An example of this kind of money market account is the TD Growth Money Market, which can be opened with a minimum investment of $0.01 and comes with nine tiers. If you invest that single cent in the account, you’ll earn an APR of 0.05%, which is the rate for the $0.01-$999.99 tier. If you bump your account balance up into the $2,000-4,999.99 tier, you’ll earn 0.10% APR. And increasing your investment into the $5,000-$9,999.99 tier will push your APR to 0.15%. The top tier, with an investment of $250,000+, allows you to earn 0.35% APR.
Tiered money market accounts can be a good option for those who don’t have a large minimum investment to start out with but are determined to grow their investment quickly. Investing in a tiered account will allow you to take advantage of APRs that rise along with the amount of money you are saving in the account.
- Featured Snippet: Money Market Account Definition — A money market account is a form of savings account that provides a higher yield than traditional savings accounts, requires a high minimum balance, and comes with restrictions on transactions.
Pros & cons of a money market account
Money market accounts have distinct pros and cons.
Usually come with higher interest rates than regular savings accounts.
Typically FDIC-insured up to FCID coverage limits, ensuring your peace of mind.
Provide access to your money with checks, cards, and transfers, similar to a checking account.
Allow unlimited transfers into the account, which can be done easily via bank transfer.
Usually have high minimum balance requirements, with tiered accounts having certain tiers that require $250,000+ balances to maintain the highest APR.
Come with interest rates lower than more-restricted account types, such as certificates of deposit and retirement accounts.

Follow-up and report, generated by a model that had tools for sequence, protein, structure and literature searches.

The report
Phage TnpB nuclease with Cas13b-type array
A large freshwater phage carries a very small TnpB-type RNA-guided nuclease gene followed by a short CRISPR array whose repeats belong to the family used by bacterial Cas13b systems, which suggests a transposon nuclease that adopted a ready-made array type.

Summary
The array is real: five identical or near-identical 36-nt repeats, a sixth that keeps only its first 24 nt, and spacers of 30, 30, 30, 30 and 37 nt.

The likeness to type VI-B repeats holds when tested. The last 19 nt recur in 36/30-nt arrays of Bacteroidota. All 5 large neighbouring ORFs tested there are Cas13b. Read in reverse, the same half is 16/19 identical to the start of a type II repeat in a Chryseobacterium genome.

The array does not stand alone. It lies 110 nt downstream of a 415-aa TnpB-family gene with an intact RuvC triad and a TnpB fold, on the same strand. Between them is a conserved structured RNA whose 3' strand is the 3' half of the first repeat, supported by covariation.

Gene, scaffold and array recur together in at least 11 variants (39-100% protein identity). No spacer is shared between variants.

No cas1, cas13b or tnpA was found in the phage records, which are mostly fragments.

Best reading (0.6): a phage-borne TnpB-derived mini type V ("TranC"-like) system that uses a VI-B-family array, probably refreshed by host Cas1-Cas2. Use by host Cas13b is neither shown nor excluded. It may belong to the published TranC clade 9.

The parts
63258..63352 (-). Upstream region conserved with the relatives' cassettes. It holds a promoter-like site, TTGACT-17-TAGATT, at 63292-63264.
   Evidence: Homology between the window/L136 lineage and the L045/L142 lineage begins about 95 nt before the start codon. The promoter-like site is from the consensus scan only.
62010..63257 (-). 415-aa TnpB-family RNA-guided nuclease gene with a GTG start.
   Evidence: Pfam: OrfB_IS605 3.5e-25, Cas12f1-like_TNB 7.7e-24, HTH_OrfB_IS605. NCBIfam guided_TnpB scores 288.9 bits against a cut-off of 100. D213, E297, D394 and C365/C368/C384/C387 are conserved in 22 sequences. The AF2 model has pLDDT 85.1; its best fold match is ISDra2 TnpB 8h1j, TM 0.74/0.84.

Limit withdrawals and transfers out of the account to six times per month, which severely restricts how much access you have to your money.
Limit transfers to third-parties or other banks to three times per month.
Alternatives to a money market account
A money market account is one of a handful of handy savings options for U.S. account holders. Here are a few other options that may meet your needs better; compare and contrast to see which type of account is best for your savings goals and daily liquidity needs.
A checking account is the most accessible type of account; you get easy and immediate access to your money so you can meet any need that arises while keeping your money safe. Checking accounts come with many ways to access your money, from debit cards to checks to online bill pay tools to transfers. You can partake of all of these options as often as you’d like, and most don’t come with any added fees.
Checking accounts may come with monthly service fees, but there are many ways to avoid those. Some accounts waive the fee in exchange for meeting certain usage requirements, like doing one automatic funds transfer each month or maintaining a certain balance.